Osteoarthritis is very common indeed. In fact, up to half of adults over the age of 65 are affected to some degree! However, other factors like obesity, general health, or taking part in high-impact sports can also play a role, and therefore we also see it in the younger population. Pain, stiffness and loss of function are what patients usually present with - often in knees, hips and spines, but really any joint in the body can be affected.
Commonly thought of as ‘degenerative’ or ‘joint wear and tear’, it is important for patients to know that osteoarthtisis isn’t necessarily a progressive disease, nor does the severity of the pain necessarily reflect how severe the arthritis is on radiographic imaging. Yes, that’s right! Instead, we now know that Osteoarthritis is an imbalance between normal repair and breakdown mechanisms within the joint. This means that considering the greater environment of the joint and the person as a whole is more helpful than solely focusing on the area affected.
Here are a few things you can do to start managing your arthritis:
1. Find a physical activity you love to do
Maintaining physical activity has been shown to be one of the most important factors in managing osteoarthritis. Contrary to what many people think, the right kind of exercise is good for osteoarthritis. Engaging in an exercise program and the right kind of activity helps the joint regulate its fluid content and keeps the surrounding muscles strong. Your osteopath or yoga teacher can advise on what is appropriate, but the key is to find something you enjoy that will keep you motivated.
2. Get some good quality manual therapy
Manual stretching of the surrounding soft tissues and mobilising the joints can be extremely effective in maintaining range of motion and as a measure to reduce swelling and pain, which in turn can allow you to live an active lifestyle. Your osteopath may also advise on self-care techniques such as using heat or cold therapy to ease the discomfort of symptoms during flare ups.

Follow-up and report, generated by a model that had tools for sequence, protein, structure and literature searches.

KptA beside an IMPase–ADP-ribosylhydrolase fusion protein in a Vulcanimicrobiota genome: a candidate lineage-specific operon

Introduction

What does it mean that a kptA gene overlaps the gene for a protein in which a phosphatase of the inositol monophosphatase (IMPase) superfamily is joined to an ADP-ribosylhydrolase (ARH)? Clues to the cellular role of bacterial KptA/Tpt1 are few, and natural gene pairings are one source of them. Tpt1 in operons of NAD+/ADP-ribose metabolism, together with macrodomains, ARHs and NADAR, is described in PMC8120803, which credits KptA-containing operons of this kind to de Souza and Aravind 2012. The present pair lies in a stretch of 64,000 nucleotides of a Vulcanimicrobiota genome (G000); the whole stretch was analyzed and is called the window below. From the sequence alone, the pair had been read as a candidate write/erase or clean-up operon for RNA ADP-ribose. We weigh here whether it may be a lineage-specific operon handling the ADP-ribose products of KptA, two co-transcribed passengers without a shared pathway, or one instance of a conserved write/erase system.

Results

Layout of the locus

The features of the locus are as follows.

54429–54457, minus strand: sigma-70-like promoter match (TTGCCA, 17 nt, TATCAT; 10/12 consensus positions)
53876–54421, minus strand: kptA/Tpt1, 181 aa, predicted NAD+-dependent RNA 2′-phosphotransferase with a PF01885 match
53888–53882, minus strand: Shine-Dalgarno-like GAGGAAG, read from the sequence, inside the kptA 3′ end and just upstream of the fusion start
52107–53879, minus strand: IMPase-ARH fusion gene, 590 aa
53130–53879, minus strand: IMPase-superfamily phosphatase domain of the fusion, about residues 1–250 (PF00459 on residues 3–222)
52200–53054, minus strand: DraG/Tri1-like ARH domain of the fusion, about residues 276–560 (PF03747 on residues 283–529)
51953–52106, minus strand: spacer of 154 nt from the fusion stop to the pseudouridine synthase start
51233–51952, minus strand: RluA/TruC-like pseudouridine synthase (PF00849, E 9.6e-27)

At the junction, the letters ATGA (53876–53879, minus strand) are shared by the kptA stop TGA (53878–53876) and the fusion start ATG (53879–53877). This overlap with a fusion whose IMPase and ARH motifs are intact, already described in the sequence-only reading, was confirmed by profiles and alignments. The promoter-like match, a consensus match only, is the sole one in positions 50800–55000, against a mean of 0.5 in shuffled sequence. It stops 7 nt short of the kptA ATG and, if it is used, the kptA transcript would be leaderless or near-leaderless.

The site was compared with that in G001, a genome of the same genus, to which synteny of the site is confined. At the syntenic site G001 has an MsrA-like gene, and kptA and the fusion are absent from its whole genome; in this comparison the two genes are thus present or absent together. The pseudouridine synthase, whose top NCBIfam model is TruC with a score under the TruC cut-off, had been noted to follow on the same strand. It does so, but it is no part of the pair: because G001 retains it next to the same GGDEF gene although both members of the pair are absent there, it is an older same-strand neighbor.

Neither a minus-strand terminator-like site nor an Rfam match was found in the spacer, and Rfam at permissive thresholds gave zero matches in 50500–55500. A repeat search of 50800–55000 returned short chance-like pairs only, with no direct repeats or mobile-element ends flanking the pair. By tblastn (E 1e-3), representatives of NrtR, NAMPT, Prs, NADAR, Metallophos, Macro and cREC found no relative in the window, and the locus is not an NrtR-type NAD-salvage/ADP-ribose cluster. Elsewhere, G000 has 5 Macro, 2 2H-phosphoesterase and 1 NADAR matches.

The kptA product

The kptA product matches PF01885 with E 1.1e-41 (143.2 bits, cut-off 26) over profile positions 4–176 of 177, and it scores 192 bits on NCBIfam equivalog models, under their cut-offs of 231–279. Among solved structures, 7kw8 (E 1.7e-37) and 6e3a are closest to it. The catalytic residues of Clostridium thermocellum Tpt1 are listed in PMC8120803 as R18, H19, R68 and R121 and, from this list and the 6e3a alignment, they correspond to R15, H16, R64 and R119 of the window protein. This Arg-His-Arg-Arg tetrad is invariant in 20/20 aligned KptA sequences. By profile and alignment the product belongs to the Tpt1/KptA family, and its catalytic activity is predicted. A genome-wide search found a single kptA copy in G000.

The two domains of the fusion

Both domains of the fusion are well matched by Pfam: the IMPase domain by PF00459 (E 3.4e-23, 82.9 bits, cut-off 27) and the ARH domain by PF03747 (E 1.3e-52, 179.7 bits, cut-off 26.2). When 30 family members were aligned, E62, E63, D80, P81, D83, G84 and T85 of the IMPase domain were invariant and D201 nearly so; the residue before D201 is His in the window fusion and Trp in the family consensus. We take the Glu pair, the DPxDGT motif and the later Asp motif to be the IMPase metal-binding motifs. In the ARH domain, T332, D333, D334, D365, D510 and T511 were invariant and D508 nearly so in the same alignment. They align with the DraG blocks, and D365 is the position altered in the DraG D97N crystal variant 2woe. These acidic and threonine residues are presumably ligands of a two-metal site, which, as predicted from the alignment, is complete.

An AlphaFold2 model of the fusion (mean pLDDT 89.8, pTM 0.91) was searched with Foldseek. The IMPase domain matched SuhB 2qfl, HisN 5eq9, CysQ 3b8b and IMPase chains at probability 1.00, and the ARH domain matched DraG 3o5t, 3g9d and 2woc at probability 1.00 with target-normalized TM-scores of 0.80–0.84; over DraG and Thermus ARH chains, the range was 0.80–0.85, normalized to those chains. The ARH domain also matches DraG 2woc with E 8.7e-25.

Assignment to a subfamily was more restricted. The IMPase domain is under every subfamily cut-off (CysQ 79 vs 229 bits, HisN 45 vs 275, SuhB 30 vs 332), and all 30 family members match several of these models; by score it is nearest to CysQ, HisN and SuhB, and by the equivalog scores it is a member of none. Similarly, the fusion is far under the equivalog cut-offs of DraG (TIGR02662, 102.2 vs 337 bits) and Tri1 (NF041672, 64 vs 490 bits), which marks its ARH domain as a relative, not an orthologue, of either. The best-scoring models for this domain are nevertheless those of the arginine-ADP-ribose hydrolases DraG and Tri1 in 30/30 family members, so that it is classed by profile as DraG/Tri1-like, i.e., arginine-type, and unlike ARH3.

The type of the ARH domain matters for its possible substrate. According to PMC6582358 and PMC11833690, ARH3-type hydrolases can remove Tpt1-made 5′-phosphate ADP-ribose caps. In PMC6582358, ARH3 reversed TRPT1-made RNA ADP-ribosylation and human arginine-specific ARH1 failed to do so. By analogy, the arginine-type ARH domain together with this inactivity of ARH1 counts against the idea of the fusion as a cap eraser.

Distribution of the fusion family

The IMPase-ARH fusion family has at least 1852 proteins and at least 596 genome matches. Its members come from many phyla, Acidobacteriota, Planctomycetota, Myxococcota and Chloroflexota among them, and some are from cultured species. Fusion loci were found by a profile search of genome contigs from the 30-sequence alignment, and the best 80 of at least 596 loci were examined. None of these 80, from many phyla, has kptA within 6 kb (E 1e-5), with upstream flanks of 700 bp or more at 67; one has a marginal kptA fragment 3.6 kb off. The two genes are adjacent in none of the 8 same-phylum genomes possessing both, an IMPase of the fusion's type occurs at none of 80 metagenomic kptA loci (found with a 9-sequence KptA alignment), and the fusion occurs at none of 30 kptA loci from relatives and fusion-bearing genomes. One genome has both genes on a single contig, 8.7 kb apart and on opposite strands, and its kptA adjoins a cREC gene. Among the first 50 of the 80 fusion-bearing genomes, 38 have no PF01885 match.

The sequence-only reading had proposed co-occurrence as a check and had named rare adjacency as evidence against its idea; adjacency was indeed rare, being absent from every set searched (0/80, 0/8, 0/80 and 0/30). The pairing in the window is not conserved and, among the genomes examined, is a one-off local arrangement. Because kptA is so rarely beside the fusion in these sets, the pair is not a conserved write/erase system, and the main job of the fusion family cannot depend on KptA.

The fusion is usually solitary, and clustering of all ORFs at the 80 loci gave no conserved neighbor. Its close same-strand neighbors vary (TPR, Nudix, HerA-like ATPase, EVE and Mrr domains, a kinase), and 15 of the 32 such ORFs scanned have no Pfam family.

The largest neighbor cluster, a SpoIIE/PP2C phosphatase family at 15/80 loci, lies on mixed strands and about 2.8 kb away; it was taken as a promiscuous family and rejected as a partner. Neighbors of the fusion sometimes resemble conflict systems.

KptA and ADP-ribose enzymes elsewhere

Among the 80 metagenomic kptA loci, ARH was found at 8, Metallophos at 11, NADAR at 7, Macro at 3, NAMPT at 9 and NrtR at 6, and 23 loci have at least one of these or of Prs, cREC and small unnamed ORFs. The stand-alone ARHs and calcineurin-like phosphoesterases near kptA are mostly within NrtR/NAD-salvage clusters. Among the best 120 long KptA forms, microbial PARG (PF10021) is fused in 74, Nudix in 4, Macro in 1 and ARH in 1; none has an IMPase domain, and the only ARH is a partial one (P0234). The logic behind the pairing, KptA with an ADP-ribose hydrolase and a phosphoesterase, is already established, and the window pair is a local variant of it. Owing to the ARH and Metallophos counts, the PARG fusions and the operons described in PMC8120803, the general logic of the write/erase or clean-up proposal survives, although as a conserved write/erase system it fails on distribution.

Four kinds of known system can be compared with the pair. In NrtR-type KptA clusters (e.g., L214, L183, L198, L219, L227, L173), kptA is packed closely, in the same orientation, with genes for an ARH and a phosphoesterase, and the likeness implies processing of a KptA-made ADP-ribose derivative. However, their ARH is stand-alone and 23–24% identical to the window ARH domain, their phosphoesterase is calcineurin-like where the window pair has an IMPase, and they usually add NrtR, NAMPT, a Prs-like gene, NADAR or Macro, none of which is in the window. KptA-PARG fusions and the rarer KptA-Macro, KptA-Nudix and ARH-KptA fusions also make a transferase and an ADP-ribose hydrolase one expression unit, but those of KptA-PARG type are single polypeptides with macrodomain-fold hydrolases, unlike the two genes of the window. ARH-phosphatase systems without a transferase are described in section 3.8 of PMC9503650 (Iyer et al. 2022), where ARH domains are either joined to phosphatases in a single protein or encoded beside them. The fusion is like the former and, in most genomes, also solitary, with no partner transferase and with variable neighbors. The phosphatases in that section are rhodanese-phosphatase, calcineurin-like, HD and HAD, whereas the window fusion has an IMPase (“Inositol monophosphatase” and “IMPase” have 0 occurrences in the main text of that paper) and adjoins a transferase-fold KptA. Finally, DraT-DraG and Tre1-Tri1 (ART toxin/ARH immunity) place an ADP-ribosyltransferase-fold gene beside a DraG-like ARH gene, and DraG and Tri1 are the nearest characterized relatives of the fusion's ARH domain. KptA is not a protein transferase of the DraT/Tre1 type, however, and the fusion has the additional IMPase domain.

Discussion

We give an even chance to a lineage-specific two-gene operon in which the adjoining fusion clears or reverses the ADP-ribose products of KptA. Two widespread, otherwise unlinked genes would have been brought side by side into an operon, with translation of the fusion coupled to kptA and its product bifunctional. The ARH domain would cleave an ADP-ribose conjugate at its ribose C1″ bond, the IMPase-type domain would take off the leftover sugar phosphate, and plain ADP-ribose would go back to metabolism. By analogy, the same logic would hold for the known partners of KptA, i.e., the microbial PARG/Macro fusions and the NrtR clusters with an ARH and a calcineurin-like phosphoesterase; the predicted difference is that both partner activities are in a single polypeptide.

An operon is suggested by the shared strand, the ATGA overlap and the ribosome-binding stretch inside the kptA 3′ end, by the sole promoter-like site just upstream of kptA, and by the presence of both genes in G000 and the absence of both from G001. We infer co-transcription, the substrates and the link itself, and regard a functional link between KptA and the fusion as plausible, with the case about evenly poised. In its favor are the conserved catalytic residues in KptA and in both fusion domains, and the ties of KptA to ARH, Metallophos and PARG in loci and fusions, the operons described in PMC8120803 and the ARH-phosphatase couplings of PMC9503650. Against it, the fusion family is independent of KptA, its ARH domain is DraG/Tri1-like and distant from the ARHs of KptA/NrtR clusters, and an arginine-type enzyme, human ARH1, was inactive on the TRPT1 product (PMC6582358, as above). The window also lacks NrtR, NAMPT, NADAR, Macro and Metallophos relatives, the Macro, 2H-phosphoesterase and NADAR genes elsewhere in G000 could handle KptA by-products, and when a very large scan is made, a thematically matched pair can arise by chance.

3. Let’s set some goals
Working alongside you, the patient, in a shared decision-making process we look at how to set short and long-term goals that help you manage your pain on a daily basis. This could be as simple as starting a new hobby or returning to work. But the key is to slowly build the level of activity. Too much too soon can see symptoms flare-up unnecessarily. Your osteopathy can help guide you through this.
4. Consider your general health
We know that the anticipation of pain can often be worse than the pain itself. We also know that factors such as anxiety and stress can amplify the perception of pain. Taking a look at things you enjoy doing but perhaps aren’t anymore, or considering new forms of wellness can have a surprisingly strong impact on your pain. Here at Core Clapton we put wellness first and think this should be a priority. We run regular yoga and tai chi classes, and even run a weekly singing class. You can find out more about these by clicking here.
Sluka, K., (2016). Mechanisms and Management of Pain for the Physical Therapist. 2nd ed. New York: Wolters Kluwer Health
Jardine, W., Gillis, C.,Rutherford, D., (2012). The effect of osteopathic manual therapy on the vascular supply to the lower extremity in individuals with knee osteoarthritis: A randomized trial. International Journal of Osteopathic Medicine. 15(4), 125-133
About the Author:
Christa is a registered Osteopath with a background in contemporary dance and yoga. She strives to offer honest advice and practical help so her patients can play a more active part in their treatment both during and outside of sessions. She believes that the patient is the key player in osteopathic care.
Christa is an osteopath at Core Clapton on Thursdays.